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I am to build a kind of website tracking system. Think of a website where users click on various links – a unique user id and an identifier of the page tracks all page views.

Now, a single user might view 20 pages – some relevant some not. What I want to track is if a user follows a specific “path”. Example “Home Page” -> “Product A Page” -> “Get more info page” -> “Buy” -> “Paid”. There might be other page views in between each of these steps; the important thing is IF a user follows a given pattern. In addition, I need to measure time between each step (each page view has a timestamp).

I have been playing around with Reactive Extensions, but I am not an expert in the area so I would like to hear if this would be a job for the Reactive Framework or if other technologies are more suitable?

I imagine a server getting a stream of website page views and then some fancy reactive LINQ queries that captures the events (this is where I need some help).

Next question that comes to my mind is how do you host this behind a load-balancer (on Windows Azure)? If you run two instances and the “Home Page”-page view goes to instance 1 and “Product A Page” goes to instance 2, how do they communicate about this or should some kind of sharding e.g. per userid be enforced?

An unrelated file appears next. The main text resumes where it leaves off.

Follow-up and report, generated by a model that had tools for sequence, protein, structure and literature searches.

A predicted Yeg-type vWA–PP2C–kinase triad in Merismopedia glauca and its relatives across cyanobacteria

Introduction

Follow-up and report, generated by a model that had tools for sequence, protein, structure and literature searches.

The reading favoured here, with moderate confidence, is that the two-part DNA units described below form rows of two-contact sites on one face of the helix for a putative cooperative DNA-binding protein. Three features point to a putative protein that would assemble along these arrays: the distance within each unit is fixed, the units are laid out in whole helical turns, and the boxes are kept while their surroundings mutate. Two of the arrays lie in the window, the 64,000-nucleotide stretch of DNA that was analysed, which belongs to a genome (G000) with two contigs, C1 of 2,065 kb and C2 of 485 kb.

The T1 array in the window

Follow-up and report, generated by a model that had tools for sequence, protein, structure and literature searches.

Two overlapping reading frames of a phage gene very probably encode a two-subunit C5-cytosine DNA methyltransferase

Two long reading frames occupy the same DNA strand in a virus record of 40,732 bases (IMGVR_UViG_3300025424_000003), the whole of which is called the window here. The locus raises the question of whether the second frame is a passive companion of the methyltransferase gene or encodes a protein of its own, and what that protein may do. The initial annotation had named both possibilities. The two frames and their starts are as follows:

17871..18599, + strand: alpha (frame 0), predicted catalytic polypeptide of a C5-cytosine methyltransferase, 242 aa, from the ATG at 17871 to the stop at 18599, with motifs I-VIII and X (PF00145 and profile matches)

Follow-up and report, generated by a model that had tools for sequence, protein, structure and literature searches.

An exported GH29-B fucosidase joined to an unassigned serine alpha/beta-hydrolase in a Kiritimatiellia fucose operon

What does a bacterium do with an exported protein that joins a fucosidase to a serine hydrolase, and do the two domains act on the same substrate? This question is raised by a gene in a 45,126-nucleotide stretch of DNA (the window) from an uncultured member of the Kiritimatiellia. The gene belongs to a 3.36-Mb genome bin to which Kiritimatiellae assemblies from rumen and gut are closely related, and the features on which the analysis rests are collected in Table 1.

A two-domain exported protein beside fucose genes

Lastly, what about persistence? How to store? Should you store data in an Event Queue pattern and then load everything into memory when you “play back” from a restart of the server?

I know that were many questions, but I do love the philosophy behind Reactive Extensions; I just cannot get my head around how to “put into production in the cloud” :)



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1 Answer 1

There are lots of solutions out there in this space already that you can integrate into your platform. Are you sure you're not reinventing the wheel? Google Analytics has functionality similar to this. If you need to go your own way, then SQL Server StreamInsight might be a better fit.

For behind-the-firewall solutions, Also look at http://piwik.org/ (free, open-source) and http://www.haveamint.com/.

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